For David Petraeus, it's the beginning of year number two in the top job - and it's a year with one big question: what happens when the surge is over?
By this July, the number of troops in Iraq, which peaked at 180,000, will shrink to 130,000. Defense Secretary Gates has said he'd like it to reach 100,000 by the end of 2008.
CBS News correspondent Jeff Glor met with Petraeus before a briefing in Yousifiyah - a poor, rural region near Baghdad that used to be a hot spot for insurgents.
"Al Qaeda has been pushed away and pushed around and killed, captured and so forth," said General Petraeus. "And that's what we have to continue to do."
The challenge is doing that with a lot fewer troops.
"It's very important to remember that our surge is dwarfed by the Iraqi surge that has taken place," said the general.
110,000 Iraqi security personnel have been added in the last year, along with 70,000 "concerned local citizens" - kind of like an armed version of your local neighborhood watch. Big numbers, yes, but they do not have the same training as U.S. troops, and so far Iraqi police and concerned citizens haven't always been able to work together.
We watched as Petraeus met with sheiks and farmers, encouraging them to build bridges across tribal and sectarian disputes that are hundreds of years old.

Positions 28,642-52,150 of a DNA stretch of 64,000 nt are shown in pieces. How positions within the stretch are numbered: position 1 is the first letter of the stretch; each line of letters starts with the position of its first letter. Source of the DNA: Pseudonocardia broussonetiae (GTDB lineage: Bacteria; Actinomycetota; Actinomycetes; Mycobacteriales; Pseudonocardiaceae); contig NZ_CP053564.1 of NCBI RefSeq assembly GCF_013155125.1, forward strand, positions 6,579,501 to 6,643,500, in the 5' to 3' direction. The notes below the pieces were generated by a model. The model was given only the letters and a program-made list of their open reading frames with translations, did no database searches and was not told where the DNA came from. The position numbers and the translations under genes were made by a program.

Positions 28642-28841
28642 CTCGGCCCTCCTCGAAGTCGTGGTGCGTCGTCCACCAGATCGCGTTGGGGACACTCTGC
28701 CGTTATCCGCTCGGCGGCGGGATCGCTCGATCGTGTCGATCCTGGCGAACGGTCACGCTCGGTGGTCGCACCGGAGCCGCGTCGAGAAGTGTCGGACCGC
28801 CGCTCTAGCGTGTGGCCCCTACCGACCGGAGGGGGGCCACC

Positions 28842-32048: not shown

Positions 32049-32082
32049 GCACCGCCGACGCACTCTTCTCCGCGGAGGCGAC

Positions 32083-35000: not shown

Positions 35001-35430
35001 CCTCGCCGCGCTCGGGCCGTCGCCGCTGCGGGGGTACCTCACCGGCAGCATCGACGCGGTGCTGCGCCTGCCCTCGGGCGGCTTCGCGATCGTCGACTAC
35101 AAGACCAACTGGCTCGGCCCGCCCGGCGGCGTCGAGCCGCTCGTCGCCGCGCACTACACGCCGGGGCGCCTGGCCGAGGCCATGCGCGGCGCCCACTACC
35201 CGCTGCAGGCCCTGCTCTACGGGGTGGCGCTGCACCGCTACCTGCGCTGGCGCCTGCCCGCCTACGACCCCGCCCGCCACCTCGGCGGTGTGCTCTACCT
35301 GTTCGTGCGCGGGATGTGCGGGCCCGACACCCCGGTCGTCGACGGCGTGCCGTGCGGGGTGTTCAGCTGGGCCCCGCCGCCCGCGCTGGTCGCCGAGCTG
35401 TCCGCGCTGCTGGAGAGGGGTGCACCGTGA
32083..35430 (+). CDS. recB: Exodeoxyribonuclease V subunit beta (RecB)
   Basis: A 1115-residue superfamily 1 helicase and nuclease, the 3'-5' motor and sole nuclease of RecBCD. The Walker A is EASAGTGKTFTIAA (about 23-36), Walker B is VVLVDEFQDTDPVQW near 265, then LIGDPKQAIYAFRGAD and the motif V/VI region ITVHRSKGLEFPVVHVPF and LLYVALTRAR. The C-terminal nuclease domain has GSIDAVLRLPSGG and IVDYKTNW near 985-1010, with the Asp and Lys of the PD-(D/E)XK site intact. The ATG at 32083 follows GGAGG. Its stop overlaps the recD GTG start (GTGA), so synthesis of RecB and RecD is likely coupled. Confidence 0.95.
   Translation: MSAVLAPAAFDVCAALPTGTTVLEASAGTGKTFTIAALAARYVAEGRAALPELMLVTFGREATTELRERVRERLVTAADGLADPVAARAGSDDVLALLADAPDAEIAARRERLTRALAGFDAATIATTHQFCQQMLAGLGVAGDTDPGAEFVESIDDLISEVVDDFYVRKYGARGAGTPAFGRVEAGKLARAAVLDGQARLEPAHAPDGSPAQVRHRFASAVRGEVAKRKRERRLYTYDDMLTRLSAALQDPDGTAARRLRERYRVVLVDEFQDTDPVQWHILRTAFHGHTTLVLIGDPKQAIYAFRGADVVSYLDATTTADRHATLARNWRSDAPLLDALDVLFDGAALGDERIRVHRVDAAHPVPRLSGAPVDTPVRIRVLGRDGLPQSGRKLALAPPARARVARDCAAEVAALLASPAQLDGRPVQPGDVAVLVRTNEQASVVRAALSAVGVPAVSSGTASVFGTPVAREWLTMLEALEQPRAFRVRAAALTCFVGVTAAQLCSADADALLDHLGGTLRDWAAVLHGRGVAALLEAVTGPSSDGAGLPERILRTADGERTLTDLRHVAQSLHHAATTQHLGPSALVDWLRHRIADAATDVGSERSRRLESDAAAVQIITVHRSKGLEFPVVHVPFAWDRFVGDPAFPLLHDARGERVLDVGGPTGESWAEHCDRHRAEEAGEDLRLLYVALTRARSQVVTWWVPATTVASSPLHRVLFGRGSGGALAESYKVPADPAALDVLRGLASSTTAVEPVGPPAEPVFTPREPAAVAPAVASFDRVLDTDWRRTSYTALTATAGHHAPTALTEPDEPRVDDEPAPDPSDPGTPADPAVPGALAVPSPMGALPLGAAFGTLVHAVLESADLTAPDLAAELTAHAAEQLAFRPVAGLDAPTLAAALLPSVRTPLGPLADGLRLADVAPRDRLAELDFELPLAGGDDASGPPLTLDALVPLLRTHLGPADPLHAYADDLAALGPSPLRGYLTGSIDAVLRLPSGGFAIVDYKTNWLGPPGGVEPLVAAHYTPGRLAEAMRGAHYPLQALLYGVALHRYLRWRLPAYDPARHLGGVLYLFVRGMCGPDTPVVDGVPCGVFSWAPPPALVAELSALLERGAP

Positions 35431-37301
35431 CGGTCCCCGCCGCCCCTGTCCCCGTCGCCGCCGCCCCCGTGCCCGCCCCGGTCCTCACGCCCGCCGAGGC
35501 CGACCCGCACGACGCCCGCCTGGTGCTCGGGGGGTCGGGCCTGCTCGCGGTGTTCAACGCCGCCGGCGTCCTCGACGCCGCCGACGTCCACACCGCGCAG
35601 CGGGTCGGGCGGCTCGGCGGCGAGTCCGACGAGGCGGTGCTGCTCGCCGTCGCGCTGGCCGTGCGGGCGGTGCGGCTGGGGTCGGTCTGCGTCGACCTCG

"They're treating you okay," he asked them, "Good neighbors?"
The goal is to understand what Petraeus calls the "human terrain" - something he and his soldiers candidly admit wasn't being done by the military at large two or three years ago.
"I think the Army had gotten away from talking and working with the people," said Capt. Terry Hilderbrand Jr. of the 3rd Brigade Combat Team.
"We have to live with them," said Petreaus. "We can't commute to the fight."
Whether this plan continues depends on many factors - many back home. Will Congress keep providing money? Who's going to be elected president? Petraeus knows this and for his part, says he no longer uses the word "optimistic". When it comes to Iraq, he prefers "realistic".